The Honolulu Commitment

LINKS: Honolulu Strategy | | Honolulu Commitment | Conference Proceedings |Conference Theme | Conference History | Organizers & Committees | Going Green | Participant Information

Download the Honolulu Commitment

Participants attending the 5th International Marine Debris Conference held in Honolulu, Hawaii, 20-25 March 2011:

Considered marine debris to include any anthropogenic, manufactured or processed solid material, irrespective of its size, discarded, disposed of or abandoned in the environment, including all materials discarded into the sea, on the shore, or brought indirectly to the sea by rivers, sewage, storm water or winds;

Expressed concern at the growing presence of plastic debris in the marine environment and acknowledged the plastic associations’ Global Declaration on Marine Litter, while recognising other materials also constitute marine debris;

Welcomed the ongoing work of scientists, research organisations and other citizens to better and more accurately understand the sources, nature and extent of marine debris, including the effects of micro-plastics, heavy metals, persistent organic pollutants, endocrine disruptors and other chemicals on marine biodiversity and public health;

Expressed concern at the continued threat and economic costs from marine debris to human health and safety; biodiversity and ecosystem services; sustainable livelihoods; and the boating, shipping, tourism and fishing sectors;

Noted that these issues are compounded by accelerating pressures associated with pollution and climate change, as well as human uses of oceans and coasts, such as fisheries, urban and industrial development, tourism and shipping;

Acknowledged the importance of international mechanisms, such as MARPOL, the Regional Seas Conventions and Action Plans and other regional mechanisms, in preventing and reducing marine debris;

Recognised the opportunities for addressing marine debris through linkages to sustainable development goals that promote resource efficiency and the principles of a green economy, such as improved life-cycle design and sustainable packaging; extended producer responsibility; safe and efficient fishing and maritime transport practices; and the development of integrated waste management infrastructure that supports recycling and energy recovery programmes and zero-waste strategies;

Recognised the roles of governments, international organisations, industry and civil society in sharing best practices and facilitating the transfer of knowledge;

Recognised the need to address the special requirements of developing countries, in particular the Least Developed Countries and Small Island Developing States, and their need for financial and technical assistance, technology transfer, training and scientific cooperation to enhance their ability to prevent, reduce and manage marine debris as well as to implement this commitment and the Honolulu Strategy;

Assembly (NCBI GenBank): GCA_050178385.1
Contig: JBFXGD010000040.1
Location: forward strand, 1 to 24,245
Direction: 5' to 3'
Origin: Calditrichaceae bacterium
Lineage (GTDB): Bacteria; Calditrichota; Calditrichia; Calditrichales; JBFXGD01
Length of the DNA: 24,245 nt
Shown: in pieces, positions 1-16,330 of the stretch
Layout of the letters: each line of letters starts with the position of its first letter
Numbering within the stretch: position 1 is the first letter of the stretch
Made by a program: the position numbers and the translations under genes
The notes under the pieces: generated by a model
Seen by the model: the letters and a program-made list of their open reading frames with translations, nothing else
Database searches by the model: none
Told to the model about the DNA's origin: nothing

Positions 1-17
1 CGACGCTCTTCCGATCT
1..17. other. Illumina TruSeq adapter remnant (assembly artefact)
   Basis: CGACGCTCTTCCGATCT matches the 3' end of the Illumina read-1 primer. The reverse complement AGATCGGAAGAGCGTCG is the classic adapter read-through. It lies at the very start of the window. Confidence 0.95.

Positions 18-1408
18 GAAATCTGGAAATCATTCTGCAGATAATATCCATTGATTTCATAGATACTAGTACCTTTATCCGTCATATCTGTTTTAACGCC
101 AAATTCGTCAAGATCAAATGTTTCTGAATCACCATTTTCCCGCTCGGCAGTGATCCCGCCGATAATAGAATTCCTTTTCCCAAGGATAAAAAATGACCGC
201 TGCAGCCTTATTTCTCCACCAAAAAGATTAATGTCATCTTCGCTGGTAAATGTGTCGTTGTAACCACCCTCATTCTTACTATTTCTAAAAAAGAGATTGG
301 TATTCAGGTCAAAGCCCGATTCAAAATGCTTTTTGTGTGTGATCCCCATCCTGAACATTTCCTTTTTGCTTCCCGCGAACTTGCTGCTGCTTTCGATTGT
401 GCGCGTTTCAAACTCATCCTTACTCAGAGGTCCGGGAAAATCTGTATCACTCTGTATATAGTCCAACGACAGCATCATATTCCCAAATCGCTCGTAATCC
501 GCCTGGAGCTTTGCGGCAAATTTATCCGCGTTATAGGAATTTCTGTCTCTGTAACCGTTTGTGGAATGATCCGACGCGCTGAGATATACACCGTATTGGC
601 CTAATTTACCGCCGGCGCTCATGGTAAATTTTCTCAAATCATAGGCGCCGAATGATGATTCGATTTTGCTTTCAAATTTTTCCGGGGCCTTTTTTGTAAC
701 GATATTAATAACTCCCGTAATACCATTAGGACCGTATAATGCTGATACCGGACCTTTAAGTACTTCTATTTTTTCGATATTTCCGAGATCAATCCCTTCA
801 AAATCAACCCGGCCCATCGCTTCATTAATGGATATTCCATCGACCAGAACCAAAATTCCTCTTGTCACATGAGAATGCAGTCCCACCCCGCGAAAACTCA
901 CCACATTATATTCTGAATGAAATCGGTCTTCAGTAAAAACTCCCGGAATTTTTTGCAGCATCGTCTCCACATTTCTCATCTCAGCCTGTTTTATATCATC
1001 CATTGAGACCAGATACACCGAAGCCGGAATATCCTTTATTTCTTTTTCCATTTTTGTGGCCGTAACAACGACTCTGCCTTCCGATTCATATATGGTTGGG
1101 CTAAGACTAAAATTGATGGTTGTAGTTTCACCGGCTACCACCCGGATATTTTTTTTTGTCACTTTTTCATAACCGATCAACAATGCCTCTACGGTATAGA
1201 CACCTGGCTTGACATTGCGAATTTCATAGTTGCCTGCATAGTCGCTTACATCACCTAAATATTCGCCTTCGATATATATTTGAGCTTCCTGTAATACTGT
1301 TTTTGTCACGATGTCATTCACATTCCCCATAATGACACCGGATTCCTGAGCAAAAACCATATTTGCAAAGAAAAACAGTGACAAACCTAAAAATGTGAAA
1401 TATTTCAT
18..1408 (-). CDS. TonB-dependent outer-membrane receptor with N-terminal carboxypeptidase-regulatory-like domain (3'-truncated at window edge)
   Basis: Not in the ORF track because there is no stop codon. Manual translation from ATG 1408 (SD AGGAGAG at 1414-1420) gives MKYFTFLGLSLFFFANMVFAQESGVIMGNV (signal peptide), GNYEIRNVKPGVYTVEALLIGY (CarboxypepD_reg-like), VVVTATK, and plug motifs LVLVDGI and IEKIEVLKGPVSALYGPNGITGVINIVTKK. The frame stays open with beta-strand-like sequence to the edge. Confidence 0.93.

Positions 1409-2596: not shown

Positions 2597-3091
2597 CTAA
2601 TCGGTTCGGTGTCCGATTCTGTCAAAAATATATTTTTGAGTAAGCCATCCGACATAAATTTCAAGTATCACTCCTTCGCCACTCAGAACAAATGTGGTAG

Emphasised the importance of collaborative partnerships, including industry and grass-roots initiatives, and acknowledged the recent creation of the Global Partnership on Waste Management;

Celebrated the increasing level of public interest in finding solutions to the marine debris challenge;

Welcomed the opportunity to contribute to the development of the Honolulu Strategy – a framework for the prevention, reduction and management of marine debris; and

Hereby invite international organizations, governments at national and sub-national levels, industry, non-governmental organizations, citizens and other stakeholders, to commit to:

  1. Make choices that reduce waste in order to halt and reverse the occurrence of marine debris.
  2. Encourage all citizens, industry and governments to take responsibility for their contribution and find solutions to the marine debris problem;
  3. Share openly and freely technical, legal, policy, community-based and economic / market-based solutions that will help prevent, reduce and manage marine debris;
  4. Advocate mechanisms that emphasise the prevention or minimisation of waste;
  5. Facilitate initiatives that turn waste into a resource in an environmentally sustainable manner;
  6. Develop global, regional, national and local targets to reduce marine debris;
  7. Improve global knowledge, understanding and monitoring of the scale, nature, source and impact of marine debris, and raise awareness of its impact on public health, biodiversity and economic development;
  8. Collaborate with global, regional and sub-regional organisations, to enhance the effectiveness of multi-lateral initiatives aimed at preventing, reducing and managing marine debris;
  9. Encourage financial support for global, regional, national and local actions that contribute to the implementation of the Honolulu Strategy;
  10. Encourage relevant intergovernmental fora, including those at global and regional scales, to express support for the Honolulu Commitment and encourage governments to take action consistent with the objectives and strategic activities outlined in the Honolulu Strategy; and
  11. Participate in a global network of stakeholders committed to understanding, preventing, reducing and managing marine debris in an environmentally sustainable manner;
  12. Contribute to the development and successful implementation of the Honolulu Strategy – a framework for the prevention, reduction and management of marine debris – and its periodic review.
Advertisements
%d bloggers like this: